THE ISSUE: Melrose residents have voiced complaints about the condition of Banks Place, the road most residents use to access Oak Grove station. The MBTA said it has committed to repairing the road this year. WHY IT MATTERS: Residents who walk, bike or drive to the city’s subway station will be impacted by the repairs.
Rep. Paul Brodeur, D-Melrose, walked down Banks Place’s puddled sidewalk on Wednesday morning, March 29 flanked by city employees, MBTA officials, representatives from Sen. Jason Lewis’s office and a few concerned citizens.
The group was there to examine the current state of the road most Melrosians use to access Oak Grove station, and talk about what can be done to fix it.
“There is no question the road is in crappy shape,” Brodeur said, gesturing to a section of Banks Place particularly pockmarked by potholes.
Banks Place is under MBTA control, but Melrose city employees have fielded multiple calls about the road’s condition from residents recently – calls they’ve been forwarding to the area’s state legislators.
“It is an issue in the last six months that we’ve gotten a lot of calls on,” said Mike Lindstrom, chief of staff for Mayor Rob Dolan. “You can clearly see the MBTA has failed to maintain this property over the years. In a situation like this, we work through our state delegation because they have direct communications with the MBTA.”
Brodeur, who organized the visit to Banks Place on Wednesday, called the condition of the road “unacceptable.”
“This is the last stop going north so it draws folks from all over,” Brodeur said of Oak Grove. “Recognizing constraints, we want to make it as safe as we possibly can. That’s not the case right now.”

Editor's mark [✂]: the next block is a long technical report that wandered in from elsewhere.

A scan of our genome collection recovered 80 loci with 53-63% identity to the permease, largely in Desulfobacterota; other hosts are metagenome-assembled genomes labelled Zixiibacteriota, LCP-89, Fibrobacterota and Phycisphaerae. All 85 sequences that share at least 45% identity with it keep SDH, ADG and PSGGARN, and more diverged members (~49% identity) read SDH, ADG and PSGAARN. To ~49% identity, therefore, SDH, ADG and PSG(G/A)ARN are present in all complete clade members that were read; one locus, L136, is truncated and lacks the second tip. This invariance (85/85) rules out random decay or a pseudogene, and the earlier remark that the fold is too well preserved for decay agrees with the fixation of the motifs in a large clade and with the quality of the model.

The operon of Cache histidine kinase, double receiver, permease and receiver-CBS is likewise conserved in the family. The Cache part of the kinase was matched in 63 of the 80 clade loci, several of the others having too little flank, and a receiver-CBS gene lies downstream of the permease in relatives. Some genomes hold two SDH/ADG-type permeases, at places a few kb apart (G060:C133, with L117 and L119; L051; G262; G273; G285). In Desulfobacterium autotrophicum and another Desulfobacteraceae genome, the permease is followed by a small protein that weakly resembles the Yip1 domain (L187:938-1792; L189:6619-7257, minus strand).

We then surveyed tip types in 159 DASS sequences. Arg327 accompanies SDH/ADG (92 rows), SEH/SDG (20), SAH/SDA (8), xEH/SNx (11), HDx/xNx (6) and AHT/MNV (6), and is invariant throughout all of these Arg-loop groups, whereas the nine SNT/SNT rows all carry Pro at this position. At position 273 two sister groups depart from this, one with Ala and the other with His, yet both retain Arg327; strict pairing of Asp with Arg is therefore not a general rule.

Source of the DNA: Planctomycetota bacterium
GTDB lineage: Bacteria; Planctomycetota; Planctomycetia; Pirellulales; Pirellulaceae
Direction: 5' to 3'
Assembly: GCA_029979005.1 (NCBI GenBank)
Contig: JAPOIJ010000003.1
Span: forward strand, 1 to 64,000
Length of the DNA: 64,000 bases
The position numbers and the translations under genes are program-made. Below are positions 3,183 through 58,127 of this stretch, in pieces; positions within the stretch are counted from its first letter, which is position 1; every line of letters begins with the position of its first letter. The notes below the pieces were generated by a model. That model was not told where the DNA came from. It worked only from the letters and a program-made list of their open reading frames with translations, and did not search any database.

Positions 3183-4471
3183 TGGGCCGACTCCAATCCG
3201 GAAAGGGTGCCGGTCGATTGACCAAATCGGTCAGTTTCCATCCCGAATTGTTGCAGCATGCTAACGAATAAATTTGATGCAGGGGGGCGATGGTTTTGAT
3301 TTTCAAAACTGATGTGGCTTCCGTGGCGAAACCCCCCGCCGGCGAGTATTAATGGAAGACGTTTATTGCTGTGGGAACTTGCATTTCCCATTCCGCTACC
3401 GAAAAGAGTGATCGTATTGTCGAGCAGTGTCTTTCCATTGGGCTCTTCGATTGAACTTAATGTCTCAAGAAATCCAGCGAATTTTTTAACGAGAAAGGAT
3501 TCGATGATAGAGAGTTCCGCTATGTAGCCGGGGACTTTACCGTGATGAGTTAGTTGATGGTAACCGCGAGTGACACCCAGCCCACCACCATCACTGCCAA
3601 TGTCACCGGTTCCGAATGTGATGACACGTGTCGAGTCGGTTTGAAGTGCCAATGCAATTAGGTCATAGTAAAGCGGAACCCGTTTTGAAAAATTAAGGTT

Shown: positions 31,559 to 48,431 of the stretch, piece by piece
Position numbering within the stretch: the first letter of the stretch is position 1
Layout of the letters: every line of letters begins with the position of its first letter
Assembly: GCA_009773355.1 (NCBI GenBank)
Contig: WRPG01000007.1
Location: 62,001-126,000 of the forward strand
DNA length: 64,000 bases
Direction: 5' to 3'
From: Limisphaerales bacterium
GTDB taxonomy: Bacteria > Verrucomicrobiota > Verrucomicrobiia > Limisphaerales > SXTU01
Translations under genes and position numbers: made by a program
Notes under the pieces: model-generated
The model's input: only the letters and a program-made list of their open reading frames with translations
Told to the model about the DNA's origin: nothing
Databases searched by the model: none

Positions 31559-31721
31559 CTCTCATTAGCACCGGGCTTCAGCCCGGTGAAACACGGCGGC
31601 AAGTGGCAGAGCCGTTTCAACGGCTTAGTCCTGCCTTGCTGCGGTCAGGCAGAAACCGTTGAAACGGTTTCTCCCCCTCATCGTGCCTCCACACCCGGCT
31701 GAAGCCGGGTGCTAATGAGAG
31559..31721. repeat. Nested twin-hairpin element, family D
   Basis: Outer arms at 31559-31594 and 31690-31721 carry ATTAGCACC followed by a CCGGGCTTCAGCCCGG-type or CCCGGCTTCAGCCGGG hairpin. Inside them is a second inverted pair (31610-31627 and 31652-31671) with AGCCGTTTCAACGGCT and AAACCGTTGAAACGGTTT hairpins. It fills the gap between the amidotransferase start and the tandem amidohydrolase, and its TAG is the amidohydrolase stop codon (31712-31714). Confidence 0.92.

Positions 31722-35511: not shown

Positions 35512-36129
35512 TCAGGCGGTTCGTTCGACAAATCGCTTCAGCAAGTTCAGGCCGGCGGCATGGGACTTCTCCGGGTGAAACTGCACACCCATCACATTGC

MBTA representative Lisa Battiston told the Free Press Banks Place repairs will soon be underway.
Battiston said “immediate actions” include the placement of a plate over a structure at a northerly bridge and fixing potholes as needed. More comprehensive roadwork should be finished this year, she added.
“Nitch Engineering has been hired to assess the road and develop a re-pavement plan with the entire road planned to be completely repaved/rebuilt by the fall,” Battiston wrote in an email.
On Monday, Battiston said concerns about contractor-owned vehicles parked on the sidewalk of Banks Place, forcing bikes to ride in the street, have now been addressed.
“Parking space accommodations for the vehicles are being determined and coordinated with the parking department,” Battiston wrote. “Parking signage is now being produced to be installed in order to designate the spaces accordingly. The parking area will be cordoned off until signs are posted.”
For Melrose resident Matt Wallace, the contractor vehicles were an ongoing safety concern. Wallace was seriously injured recently when his bicycle clipped the side mirror of one of the contractor vehicles, causing him to flip over his handlebars.
“With the conditions of the road, the people parked as such, the narrowness of the road and competing traffic, really all those risks came together and caused this incident,” Wallace said.
Wallace landed on his head and shoulder and was transported to Massachusetts General Hospital via ambulance, where he was told he’d separated his shoulder.
“It was a Grade III AC joint separation, which is a permanent deformity,” Wallace said. “Fortunately, nothing was broken and I didn’t have a concussion.”
Wallace is now in physical therapy, he wears a sling, and he’s taking the bus. He said he’s “pleasantly surprised” by the actions taken by MBTA this past week.
“I am pretty pleased with the response taken,” Wallace said. “Those [contractor vehicles] really shouldn’t be there. It’s not safe for pedestrians or bicyclists.”
Brodeur thanked MBTA officials for attending the site visit.
“The good news is, it’s in the works,” Brodeur said. “I think it’s important to let the community know that nothing goes as fast as folks want, but this is going to be fixed.